North and South Korea agreed to hold a reunion of families separated by the war for the first time in more than a year.
The deal builds on an agreement to improve ties that ended an exchange of threats in August, the Wall Street Journal reported.
Representatives from the two countries agreed that 100 people from each side would be allowed to meet from Oct. 20 to 26 at the Mount Kumgang resort just north of the border, South Korea said Tuesday following overnight talks.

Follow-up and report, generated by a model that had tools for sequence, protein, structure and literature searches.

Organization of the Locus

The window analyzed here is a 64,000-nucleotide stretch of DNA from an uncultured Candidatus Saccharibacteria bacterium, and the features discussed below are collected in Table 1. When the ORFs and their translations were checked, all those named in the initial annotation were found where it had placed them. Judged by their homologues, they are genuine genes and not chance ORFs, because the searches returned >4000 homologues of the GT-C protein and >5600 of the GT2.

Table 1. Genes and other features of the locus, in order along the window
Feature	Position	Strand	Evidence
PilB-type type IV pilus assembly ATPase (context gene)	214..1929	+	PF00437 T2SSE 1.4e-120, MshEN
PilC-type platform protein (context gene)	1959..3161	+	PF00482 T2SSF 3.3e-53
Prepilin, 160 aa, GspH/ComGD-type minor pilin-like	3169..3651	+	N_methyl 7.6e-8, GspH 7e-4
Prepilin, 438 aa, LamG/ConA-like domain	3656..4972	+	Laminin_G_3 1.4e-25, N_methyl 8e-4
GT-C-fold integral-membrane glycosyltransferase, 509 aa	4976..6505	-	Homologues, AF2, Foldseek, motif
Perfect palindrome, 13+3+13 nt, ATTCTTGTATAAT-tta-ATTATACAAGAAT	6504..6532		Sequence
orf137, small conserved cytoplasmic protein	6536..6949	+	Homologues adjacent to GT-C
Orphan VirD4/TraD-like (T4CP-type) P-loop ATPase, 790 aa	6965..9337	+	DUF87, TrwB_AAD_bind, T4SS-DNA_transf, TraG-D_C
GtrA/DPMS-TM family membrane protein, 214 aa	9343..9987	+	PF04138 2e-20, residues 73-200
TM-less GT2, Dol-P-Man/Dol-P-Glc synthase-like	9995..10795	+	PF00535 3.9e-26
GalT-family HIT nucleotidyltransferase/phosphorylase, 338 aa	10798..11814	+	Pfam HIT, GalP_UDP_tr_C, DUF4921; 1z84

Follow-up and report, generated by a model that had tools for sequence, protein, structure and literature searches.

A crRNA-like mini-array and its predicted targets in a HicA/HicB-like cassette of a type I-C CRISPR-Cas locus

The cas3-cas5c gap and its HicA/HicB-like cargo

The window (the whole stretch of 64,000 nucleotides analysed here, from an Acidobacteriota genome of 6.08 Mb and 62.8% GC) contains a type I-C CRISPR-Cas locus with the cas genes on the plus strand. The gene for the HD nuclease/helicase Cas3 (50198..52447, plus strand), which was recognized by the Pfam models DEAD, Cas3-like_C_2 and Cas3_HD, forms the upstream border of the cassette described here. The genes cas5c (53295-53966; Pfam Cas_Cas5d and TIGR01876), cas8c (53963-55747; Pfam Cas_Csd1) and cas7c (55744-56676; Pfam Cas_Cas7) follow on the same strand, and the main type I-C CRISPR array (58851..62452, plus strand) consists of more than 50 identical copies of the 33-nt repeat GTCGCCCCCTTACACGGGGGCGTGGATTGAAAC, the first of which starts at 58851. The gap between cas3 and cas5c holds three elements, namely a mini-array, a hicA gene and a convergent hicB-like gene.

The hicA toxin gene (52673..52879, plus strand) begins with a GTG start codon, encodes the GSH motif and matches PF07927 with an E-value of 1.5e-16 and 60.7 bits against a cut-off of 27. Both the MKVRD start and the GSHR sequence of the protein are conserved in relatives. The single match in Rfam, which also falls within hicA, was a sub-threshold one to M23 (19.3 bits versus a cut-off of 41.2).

North Korea’s state media confirmed the event in a brief statement.
The gathering would be the first since February of last year and only the second in five years.
Relations deteriorated to a military standoff last month, after a land mine explosion in South Korea escalated into threats of artillery shelling from both sides. A deal struck to end that confrontation included family reunions.
Pyongyang is “eyeing a much bigger prize, which is the lifting of economic sanctions” imposed by Seoul in 2010 after two deadly attacks, said Go Myung-hyun, a North Korea analyst at the Asan Institute for Policy Studies, a Seoul-based think-tank.
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